Since we all have different values, different passions, and different knowledge, the rise of the de-massified society was easy for the Tofflers to predict. De-massified society refers to less emphasis on mass production and mass media and more emphasis on choice and customization, whether in products, media (such as all of our LinkedIn pages), politics, religion, or anything else. We can see this on websites like Amazon, which has just about anything. 3-D printing, also known as additive manufacturing, make customization even easier; individuals can even buy their own 3-D printers.

The Tofflers didn’t miss their chance to give the two major political parties a dose of reality. Here’s what they said about each:

“The Democrats’ reflexive reliance on bureaucratic and centralist solutions to problems like the health insurance crisis is drawn straight from Second Wave theories of efficiency.”

Exactly. Government is essential for some things, but not for everything. There is much that the private sector and nonprofits can do. Some government oversight may still be necessary. And let’s not forget individual responsibility for health: eat right (at least most of the time – I’m not perfect either!), get some sleep, and get some exercise! Neither the government nor HMOs can do this for you; you have to do it yourself. Exercise and healthy eating need not be dull!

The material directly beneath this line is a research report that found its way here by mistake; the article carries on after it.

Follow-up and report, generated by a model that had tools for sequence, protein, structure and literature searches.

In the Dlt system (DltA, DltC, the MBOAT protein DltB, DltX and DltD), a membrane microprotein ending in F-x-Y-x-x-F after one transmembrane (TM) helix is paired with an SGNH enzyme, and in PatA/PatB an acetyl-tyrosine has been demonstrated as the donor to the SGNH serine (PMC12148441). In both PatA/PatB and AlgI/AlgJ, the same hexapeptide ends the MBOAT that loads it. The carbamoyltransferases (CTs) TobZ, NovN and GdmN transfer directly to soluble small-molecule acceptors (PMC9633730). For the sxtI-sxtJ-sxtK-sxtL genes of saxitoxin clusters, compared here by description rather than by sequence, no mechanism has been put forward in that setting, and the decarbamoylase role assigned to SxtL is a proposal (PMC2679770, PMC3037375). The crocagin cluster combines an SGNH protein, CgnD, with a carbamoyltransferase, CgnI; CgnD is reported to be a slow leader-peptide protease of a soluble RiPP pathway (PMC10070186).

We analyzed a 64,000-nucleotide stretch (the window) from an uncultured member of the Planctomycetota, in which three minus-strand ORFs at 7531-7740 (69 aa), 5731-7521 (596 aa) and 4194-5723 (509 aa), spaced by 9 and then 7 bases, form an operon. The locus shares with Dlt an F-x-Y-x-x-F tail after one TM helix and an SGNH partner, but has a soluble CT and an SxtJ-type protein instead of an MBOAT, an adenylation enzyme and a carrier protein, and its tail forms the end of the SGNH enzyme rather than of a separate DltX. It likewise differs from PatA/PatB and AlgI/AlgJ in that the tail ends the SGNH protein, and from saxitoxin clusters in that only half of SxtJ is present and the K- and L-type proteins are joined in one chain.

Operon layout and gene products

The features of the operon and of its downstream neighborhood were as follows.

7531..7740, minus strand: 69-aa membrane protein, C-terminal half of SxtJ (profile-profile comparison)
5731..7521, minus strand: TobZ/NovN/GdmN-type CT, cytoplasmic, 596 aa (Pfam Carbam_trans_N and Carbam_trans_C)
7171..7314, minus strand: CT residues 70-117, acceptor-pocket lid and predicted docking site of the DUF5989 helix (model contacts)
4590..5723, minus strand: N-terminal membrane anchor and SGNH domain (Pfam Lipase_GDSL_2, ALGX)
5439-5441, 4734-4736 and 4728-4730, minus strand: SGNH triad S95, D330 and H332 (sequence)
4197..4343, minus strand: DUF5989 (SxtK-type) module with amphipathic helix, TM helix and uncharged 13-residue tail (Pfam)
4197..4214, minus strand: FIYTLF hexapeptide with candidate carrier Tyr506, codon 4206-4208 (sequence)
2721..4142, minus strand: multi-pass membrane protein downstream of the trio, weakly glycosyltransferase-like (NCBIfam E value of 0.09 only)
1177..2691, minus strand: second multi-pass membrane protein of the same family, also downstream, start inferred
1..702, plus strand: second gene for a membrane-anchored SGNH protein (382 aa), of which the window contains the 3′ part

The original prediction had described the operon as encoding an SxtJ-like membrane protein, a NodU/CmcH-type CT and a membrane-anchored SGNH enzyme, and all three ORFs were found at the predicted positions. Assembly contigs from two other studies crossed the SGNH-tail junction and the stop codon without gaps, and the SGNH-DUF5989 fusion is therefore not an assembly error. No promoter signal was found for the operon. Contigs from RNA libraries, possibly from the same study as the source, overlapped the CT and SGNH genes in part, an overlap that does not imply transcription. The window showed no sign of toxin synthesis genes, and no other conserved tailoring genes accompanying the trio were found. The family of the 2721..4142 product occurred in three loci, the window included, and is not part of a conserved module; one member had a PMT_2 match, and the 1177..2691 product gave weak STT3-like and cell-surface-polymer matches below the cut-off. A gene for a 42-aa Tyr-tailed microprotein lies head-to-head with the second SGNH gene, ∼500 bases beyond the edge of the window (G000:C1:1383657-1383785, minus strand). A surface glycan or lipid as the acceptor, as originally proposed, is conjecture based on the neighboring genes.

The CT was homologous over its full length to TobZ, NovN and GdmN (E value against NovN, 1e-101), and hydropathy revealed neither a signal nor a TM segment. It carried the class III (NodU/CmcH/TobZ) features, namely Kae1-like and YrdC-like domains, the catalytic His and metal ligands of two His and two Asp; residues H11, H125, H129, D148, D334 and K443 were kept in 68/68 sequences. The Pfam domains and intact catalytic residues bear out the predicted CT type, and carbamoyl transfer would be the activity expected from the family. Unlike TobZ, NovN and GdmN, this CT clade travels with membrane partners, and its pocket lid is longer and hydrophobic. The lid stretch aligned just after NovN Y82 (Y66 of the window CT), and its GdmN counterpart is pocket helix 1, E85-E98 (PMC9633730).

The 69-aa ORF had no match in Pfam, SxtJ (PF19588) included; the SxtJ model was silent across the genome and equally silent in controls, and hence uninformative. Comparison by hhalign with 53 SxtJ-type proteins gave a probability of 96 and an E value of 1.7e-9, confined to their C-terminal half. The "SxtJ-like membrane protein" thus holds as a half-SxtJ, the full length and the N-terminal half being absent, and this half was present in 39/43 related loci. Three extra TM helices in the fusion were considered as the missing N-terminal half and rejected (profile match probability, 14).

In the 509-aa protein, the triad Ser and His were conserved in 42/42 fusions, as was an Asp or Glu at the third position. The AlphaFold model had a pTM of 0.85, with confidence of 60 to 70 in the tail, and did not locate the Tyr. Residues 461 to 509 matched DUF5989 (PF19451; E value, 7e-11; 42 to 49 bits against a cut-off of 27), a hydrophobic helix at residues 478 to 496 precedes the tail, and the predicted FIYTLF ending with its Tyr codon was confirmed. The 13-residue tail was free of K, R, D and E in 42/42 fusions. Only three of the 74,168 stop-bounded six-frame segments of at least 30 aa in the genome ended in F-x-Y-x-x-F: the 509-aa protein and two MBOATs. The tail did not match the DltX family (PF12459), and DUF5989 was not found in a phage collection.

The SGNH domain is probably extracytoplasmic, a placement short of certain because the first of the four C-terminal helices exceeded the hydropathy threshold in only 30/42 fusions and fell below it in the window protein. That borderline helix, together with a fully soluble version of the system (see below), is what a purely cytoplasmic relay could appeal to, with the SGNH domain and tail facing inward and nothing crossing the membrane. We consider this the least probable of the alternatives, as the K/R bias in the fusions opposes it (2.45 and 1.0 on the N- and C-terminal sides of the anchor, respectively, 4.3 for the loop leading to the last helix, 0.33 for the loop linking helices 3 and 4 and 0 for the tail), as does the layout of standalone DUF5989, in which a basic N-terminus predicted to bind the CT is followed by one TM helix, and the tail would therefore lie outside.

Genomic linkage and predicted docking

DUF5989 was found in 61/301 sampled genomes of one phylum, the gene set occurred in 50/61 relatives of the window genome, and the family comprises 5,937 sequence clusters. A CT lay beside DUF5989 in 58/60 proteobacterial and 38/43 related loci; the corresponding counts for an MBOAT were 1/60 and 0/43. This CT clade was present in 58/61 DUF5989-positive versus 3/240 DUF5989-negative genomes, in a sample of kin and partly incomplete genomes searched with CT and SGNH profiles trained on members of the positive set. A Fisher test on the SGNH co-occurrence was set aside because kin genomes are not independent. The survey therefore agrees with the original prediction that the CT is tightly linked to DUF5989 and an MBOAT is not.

“Republicans tend to play down potentially immense social dislocations that are likely to flow from any change as profound as the Third Wave…Free-marketism and trickle-downism twisted into rigid theological dogma are inadequate responses to the Third Wave. For example…electronic services might well slash the number of entry-level jobs in the traditional retail sector, precisely the place undereducated young people can get their start.”

Again, exactly. Exhibit one:’s Kiva robots that reduce the need for human workers in fulfillment centers. The robot hamburger maker is here too. The manufacturer’s cofounder, Alexandros Vardakostas, bluntly stated that this device “isn’t meant to make employees more efficient. It’s to completely obviate them.”

Here’s how I would interpret this for anyone who has graduated from high school and isn’t sure what to do next: You must learn a skill or trade…but universities with their extortionate tuition rates are not the only path to a skill or trade that pays well. Yes, you need university for some fields, such as doctor or nurse or lawyer. But for many other fields that are skilled and pay well, you can attend a trade or technical school. That’s what I’m doing to earn my CompTIA A+ certification. All I’m doing is studying for that certificate. No other classes, unless I want them. I study on my own time; no need to be in a classroom; no semesters or quarters. This is much cheaper than a four-year degree at a university. You can do this too! (The Tofflers would have called this the de-massification of education.) Show recruiters that you’re valuable; don’t expect the government to take care of you. (There has been much talk about the universal basic income, along with some pilot projects, but I do not see this becoming a nationwide program anytime soon.) Get a skill ASAP, because the truly unskilled jobs that cannot be shipped overseas will be automated bit by bit.